As previously mentioned, the chassis 102 may include a topsheet 138, shown for example, in FIG. 2. The topsheet 138 may also define a portion of the inner surface 132 of the chassis 102. All or a portion of the topsheet may be liquid pervious, permitting liquid to readily penetrate there through. As such, the topsheet may be manufactured from a wide range of materials, such as porous foams; reticulated foams; apertured nonwovens or plastic films; or woven or nonwoven webs of natural fibers (e.g., wood or cotton fibers), synthetic fibers (e.g., polyester or polypropylene fibers), or a combination of natural and synthetic fibers. One example of a topsheet including a web of staple length polypropylene fibers is manufactured by Veratec, Inc., a Division of International Paper Company, of Walpole, Mass. under the designation P-8. Examples of formed film topsheets are described in U.S. Pat. Nos. 3,929,135; 4,324,246; 4,342,314; 4,463,045; and 5,006,394, all of which are hereby incorporated by reference herein. Other topsheets may be made in accordance with U.S. Pat. Nos. 4,609,518 and 4,629,643, both of which are hereby incorporated by reference.

In some embodiments, the topsheet is made of a hydrophobic material or is treated to be hydrophobic in order to isolate the wearer's skin from liquids contained in the absorbent core. If the topsheet is made of a hydrophobic material, at least the upper surface of the topsheet may be treated to be hydrophilic so that liquids will transfer through the topsheet more rapidly. The topsheet can be rendered hydrophilic by treating it with a surfactant or by incorporating a surfactant into the topsheet. A more detailed discussion of such a treatment and hydrophilicity is contained in U.S. Pat. Nos. 4,988,344 and 4,988,345, both of which are hereby incorporated by reference. A more detailed discussion of some methods for incorporating surfactant in the topsheet can be found in U.S. Statutory Invention Registration No. H1670, which was published on Jul. 1, 1997, in the names of Aziz et al., all of which are hereby incorporated by reference. In some embodiments, the topsheet 138 may include an apertured web or film that is hydrophobic. This may be accomplished eliminating the hydrophilizing treatment step from the production process and/or applying a hydrophobic treatment to the topsheet, such as a polytetrafluoroethylene compound like SCOTCHGUARD or a hydrophobic lotion composition, as described below. A more detailed discussion of various apertured topsheets can be found in U.S. Pat. Nos. 5,342,338; 5,941,864; 6,010,491; and 6,414,215, all of which are hereby incorporated by referenced.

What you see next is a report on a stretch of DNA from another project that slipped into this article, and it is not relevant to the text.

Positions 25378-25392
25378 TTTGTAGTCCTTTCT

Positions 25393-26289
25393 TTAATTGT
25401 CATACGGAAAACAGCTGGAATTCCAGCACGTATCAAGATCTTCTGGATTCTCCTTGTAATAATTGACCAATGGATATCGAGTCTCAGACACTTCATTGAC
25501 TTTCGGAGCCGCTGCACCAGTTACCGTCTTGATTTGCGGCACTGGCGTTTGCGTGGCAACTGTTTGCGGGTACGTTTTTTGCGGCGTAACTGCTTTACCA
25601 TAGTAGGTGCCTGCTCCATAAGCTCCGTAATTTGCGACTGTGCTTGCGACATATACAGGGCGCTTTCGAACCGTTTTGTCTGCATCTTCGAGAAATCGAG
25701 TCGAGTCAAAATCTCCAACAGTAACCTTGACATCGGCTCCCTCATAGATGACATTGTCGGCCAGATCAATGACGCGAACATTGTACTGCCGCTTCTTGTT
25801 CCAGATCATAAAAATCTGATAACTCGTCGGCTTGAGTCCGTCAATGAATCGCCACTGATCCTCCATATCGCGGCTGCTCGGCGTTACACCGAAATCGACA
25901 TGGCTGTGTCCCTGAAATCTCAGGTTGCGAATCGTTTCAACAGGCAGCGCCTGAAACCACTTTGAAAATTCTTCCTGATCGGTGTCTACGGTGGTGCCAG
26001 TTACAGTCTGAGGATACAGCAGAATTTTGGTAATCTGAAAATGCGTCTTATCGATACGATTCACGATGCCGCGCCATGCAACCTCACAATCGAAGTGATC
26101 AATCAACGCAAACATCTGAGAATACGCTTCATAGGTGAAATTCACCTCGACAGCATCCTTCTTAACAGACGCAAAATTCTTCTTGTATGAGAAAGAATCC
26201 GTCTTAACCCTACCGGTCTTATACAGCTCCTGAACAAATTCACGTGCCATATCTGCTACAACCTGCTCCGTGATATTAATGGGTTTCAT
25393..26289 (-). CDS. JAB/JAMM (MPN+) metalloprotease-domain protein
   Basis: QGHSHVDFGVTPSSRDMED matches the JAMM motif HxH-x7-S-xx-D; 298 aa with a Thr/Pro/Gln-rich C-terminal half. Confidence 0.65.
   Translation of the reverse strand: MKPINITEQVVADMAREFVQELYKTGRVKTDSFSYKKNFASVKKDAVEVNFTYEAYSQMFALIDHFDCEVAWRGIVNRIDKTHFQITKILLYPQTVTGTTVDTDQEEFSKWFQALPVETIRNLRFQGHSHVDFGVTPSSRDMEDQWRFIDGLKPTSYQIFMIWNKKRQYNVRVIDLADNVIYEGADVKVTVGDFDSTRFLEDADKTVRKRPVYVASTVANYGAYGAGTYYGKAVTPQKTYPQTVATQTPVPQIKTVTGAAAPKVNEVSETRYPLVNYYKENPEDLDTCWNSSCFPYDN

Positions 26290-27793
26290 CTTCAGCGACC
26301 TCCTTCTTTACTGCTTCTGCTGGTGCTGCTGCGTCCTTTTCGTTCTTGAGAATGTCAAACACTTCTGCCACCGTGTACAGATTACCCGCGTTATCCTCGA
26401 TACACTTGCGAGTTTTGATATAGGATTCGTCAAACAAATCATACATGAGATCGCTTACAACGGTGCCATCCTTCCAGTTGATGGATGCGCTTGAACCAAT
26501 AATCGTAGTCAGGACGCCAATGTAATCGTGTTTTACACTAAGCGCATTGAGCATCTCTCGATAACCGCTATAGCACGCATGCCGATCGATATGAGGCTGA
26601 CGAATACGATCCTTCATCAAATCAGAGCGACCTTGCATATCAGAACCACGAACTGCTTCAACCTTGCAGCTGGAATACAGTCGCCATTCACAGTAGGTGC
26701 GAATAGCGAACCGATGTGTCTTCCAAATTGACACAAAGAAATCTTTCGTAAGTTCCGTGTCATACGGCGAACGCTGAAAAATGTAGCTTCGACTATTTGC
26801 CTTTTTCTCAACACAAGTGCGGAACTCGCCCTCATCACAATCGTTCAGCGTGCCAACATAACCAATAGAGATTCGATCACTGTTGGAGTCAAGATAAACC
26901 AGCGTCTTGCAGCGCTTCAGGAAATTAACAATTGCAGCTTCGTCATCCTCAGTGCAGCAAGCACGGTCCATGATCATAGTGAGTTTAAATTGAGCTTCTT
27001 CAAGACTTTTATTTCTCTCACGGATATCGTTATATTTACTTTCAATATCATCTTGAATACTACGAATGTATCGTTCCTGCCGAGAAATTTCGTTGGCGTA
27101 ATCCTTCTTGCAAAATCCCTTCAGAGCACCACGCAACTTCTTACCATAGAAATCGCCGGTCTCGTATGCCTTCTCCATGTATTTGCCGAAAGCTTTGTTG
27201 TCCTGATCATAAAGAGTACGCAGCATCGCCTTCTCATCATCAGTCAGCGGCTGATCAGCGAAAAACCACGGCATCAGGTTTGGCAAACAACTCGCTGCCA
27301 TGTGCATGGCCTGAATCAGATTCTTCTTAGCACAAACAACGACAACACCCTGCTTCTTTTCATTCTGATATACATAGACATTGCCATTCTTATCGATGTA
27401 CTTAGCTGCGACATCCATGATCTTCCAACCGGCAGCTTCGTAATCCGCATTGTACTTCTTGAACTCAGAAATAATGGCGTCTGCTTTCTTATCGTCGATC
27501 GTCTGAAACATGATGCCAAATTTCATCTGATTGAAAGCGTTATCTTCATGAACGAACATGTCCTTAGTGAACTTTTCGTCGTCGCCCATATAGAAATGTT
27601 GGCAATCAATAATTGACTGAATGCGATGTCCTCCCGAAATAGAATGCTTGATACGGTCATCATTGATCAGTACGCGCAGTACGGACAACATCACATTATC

As previously mentioned, the chassis 102 may also include an absorbent core 142. As shown for example in FIG. 2, the absorbent core 142 may include a first longitudinal side edge 146 laterally separated from a second longitudinal side edge 148, and a first end edge 150 longitudinally separated from a second end edge 152. The absorbent core may also include components such as an acquisition layer and absorbent material that is generally compressible, conformable, non-irritating to the wearer's skin and capable of absorbing and retaining liquids such as urine and other body exudates. The absorbent core can also be manufactured in a wide variety of sizes and shapes (e.g., rectangular, hourglass, T-shaped, asymmetric, etc.). The absorbent core may also include a wide variety of liquid-absorbent materials commonly used in disposable diapers and other absorbent articles. In one example, the absorbent core includes comminuted wood pulp, which is generally referred to as airfelt. Examples of other absorbent materials include creped cellulose wadding; meltblown polymers, including coform; chemically stiffened, modified or cross-linked cellulosic fibers; tissue, including tissue wraps and tissue laminates; absorbent foams; absorbent sponges; superabsorbent polymers; absorbent gelling materials; or any other known absorbent material or combinations of materials.

It is to be appreciated that the configuration and construction of the absorbent core may be varied (e.g., the absorbent core(s) or other absorbent structure(s) may have varying caliper zones, a hydrophilic gradient, a superabsorbent gradient, or lower average density and lower average basis weight acquisition zones; or may comprise one or more layers or structures). Exemplary absorbent structures are described in U.S. Pat. Nos. 4,610,678; 4,673,402; 4,834,735; 4,888,231; 5,137,537; 5,147,345; 5,342,338; 5,260,345; 5,387,207; and 5,650,222, all of which are hereby incorporated by reference.

The absorbent core may also have a multiple layered construction. A more detailed discussion of various types of multi-layered absorbent cores can be found in U.S. Pat. Publication Nos. 2004/0162536A1 and 2004/0167486A1; U.S. Pat. Nos. 5,669,894; 6,441,266; 5,562,646; European Pat. No. EP0565606B1; PCT Publication No. WO 2006/015141, which are all hereby incorporated by reference. In some embodiments, the diaper pant includes an absorbent core that is stretchable. In such a configuration, the absorbent core may be adapted to extend along with other materials of the chassis in longitudinal and/or lateral directions. The absorbent core can also be connected with the other components of the chassis various ways. For example, the diaper may include a “floating core” configuration or a “bucket” configuration wherein the diaper includes an anchoring system that can be configured to counteract the forces tending to move the article on the wearer. Such an anchoring system can also be configured to anchor itself to a body of a wearer by contacting various parts of the body. In this way, the anchoring system can balance the collected moving forces with holding forces obtained from the anchoring. By balancing the collected moving forces with the obtained holding forces, the anchoring system can at least assist in holding the disposable wearable absorbent article in place on a wearer.